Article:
Prior to trial, both Sasser and the State requested proposed jury instructions for the burglary count virtually identical to the one given at trial. At the jury instructions conference after the close of evidence, the court and counsel confirmed the correct listing of the offenses in item three (first-degree murder, aggravated assault, or criminal threat). When asked by the court whether any other changes were required, both sides agreed the instruction was appropriate.

         On appeal, Sasser contended the burglary conviction must be reversed because the State failed to produce sufficient evidence of each alternative means of committing burglary set out in the jury instruction. He argued these alternative means were that he intended "to commit first degree murder, aggravated assault or criminal threat" inside his ex-wife's apartment, and that there was no evidence he intended to commit criminal threat.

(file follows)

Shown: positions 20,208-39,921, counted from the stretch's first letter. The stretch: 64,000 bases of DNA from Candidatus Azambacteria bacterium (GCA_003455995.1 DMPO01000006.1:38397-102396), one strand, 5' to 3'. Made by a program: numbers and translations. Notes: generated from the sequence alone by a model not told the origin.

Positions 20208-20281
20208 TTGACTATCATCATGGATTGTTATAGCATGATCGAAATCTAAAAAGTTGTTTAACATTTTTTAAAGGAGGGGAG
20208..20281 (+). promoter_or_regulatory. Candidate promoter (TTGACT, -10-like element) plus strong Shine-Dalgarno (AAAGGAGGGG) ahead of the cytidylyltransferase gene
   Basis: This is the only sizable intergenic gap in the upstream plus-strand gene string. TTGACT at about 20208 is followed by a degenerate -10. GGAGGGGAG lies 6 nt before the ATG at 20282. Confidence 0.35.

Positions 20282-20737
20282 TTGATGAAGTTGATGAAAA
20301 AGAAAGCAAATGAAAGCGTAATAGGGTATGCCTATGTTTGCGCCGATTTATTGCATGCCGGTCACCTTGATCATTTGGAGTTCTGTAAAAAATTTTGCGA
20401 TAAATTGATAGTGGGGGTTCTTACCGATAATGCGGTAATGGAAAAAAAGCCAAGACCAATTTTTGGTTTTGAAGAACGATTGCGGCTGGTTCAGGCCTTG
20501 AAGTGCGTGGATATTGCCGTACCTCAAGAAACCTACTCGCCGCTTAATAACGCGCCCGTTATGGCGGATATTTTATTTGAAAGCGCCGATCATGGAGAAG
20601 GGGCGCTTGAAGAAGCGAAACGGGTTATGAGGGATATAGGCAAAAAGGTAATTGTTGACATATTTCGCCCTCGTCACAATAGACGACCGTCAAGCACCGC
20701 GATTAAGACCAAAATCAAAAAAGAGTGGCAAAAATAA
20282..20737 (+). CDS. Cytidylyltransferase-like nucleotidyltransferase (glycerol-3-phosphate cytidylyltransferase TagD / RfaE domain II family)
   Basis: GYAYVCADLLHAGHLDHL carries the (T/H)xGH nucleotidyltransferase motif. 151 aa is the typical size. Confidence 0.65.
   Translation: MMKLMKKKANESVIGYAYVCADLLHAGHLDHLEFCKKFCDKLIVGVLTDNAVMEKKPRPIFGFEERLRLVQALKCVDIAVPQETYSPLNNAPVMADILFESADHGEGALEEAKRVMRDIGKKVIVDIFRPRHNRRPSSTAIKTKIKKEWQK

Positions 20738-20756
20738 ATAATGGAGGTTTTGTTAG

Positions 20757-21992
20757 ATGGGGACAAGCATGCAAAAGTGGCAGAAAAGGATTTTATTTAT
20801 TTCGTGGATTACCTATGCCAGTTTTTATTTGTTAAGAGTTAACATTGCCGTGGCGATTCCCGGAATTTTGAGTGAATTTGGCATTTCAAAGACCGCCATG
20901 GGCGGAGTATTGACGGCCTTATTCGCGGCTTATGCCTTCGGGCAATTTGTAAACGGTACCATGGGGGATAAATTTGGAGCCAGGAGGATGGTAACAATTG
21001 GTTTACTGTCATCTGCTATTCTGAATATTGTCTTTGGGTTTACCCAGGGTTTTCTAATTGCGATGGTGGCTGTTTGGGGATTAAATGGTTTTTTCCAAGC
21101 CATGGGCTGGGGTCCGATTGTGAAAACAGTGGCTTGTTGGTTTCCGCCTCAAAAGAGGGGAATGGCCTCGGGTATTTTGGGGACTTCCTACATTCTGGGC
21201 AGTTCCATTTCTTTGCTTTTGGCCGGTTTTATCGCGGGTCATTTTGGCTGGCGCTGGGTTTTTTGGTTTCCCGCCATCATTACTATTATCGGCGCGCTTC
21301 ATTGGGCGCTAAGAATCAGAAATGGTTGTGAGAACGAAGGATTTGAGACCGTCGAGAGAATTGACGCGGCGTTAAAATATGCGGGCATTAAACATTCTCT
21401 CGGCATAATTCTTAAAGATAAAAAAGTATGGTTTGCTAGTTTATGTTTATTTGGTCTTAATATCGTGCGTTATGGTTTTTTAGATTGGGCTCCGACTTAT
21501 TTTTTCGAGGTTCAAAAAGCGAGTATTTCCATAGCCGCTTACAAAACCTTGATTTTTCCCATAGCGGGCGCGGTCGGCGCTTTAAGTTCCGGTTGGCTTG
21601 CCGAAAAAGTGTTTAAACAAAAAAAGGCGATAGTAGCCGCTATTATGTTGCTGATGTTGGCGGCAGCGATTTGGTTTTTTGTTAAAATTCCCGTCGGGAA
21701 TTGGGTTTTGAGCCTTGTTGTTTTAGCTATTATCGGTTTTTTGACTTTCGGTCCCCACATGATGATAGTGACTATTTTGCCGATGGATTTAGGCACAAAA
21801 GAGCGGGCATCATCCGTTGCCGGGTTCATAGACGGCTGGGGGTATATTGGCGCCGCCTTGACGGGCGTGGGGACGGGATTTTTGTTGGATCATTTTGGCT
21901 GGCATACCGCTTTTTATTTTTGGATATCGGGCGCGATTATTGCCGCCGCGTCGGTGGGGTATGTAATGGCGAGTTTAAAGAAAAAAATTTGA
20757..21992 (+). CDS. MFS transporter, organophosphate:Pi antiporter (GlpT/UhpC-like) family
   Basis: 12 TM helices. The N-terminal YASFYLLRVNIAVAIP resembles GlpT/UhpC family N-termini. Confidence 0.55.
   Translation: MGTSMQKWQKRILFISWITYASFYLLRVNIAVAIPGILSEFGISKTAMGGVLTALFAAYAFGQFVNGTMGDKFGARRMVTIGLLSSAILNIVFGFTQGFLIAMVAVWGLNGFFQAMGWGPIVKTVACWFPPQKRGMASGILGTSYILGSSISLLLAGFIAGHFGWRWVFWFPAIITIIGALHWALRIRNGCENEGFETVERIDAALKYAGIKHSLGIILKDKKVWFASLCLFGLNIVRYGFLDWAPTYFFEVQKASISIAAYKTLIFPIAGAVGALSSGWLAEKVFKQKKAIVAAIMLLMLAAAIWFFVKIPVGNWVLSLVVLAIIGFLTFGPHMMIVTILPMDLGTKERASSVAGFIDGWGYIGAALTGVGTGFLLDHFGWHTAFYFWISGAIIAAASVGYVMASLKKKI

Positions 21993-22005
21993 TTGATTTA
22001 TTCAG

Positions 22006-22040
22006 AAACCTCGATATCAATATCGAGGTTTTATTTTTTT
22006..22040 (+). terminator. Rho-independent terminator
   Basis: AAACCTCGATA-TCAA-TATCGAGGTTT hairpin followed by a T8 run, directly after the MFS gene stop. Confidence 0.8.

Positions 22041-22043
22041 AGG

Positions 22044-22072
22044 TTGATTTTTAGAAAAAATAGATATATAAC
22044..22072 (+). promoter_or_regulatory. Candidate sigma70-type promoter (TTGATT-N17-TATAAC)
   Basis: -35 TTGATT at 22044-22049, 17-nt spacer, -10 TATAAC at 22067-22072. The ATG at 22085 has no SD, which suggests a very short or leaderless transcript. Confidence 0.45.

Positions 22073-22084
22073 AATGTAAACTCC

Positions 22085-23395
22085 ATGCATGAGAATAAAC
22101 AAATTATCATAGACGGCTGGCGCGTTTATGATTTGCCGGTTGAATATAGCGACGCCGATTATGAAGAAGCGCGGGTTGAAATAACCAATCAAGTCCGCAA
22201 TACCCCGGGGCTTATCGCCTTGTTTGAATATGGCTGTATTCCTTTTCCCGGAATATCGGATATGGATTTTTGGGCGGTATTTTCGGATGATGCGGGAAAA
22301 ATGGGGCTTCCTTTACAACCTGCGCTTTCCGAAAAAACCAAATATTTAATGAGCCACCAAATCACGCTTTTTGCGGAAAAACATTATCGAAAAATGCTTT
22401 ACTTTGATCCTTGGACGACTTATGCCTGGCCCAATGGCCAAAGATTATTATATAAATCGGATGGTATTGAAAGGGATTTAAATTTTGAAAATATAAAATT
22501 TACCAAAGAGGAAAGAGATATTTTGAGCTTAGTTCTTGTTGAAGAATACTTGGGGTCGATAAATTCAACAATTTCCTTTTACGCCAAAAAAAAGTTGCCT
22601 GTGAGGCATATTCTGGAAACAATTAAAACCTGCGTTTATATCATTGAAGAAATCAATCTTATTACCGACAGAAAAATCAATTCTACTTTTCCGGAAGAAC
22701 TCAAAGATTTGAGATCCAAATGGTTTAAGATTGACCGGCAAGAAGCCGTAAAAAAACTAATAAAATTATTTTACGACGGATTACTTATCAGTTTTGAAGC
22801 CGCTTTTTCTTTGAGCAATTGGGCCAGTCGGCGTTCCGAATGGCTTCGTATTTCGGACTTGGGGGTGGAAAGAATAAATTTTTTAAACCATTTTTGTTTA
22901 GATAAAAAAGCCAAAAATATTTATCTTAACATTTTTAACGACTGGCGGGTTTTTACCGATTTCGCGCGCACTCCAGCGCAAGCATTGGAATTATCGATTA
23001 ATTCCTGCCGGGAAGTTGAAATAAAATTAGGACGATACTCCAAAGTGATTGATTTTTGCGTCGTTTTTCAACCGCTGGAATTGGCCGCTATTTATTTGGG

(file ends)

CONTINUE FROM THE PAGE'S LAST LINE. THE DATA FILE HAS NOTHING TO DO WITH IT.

The panel declined to reach the merits of this argument. In its view, Sasser invited the error by requesting the jury instruction before trial and then failing to object to it at the instructions conference. 2013 WL 5422322, at *2. The panel noted, "[T]his court previously has applied the invited error rule to situations involving alternative means, " and added, "The invited error rule seems especially appropriate in this instance, where the language that allegedly creates the alternative means is found only in the jury instruction, not in the statutory language itself." 2013 WL 5422322, at *2 (citing State v. ...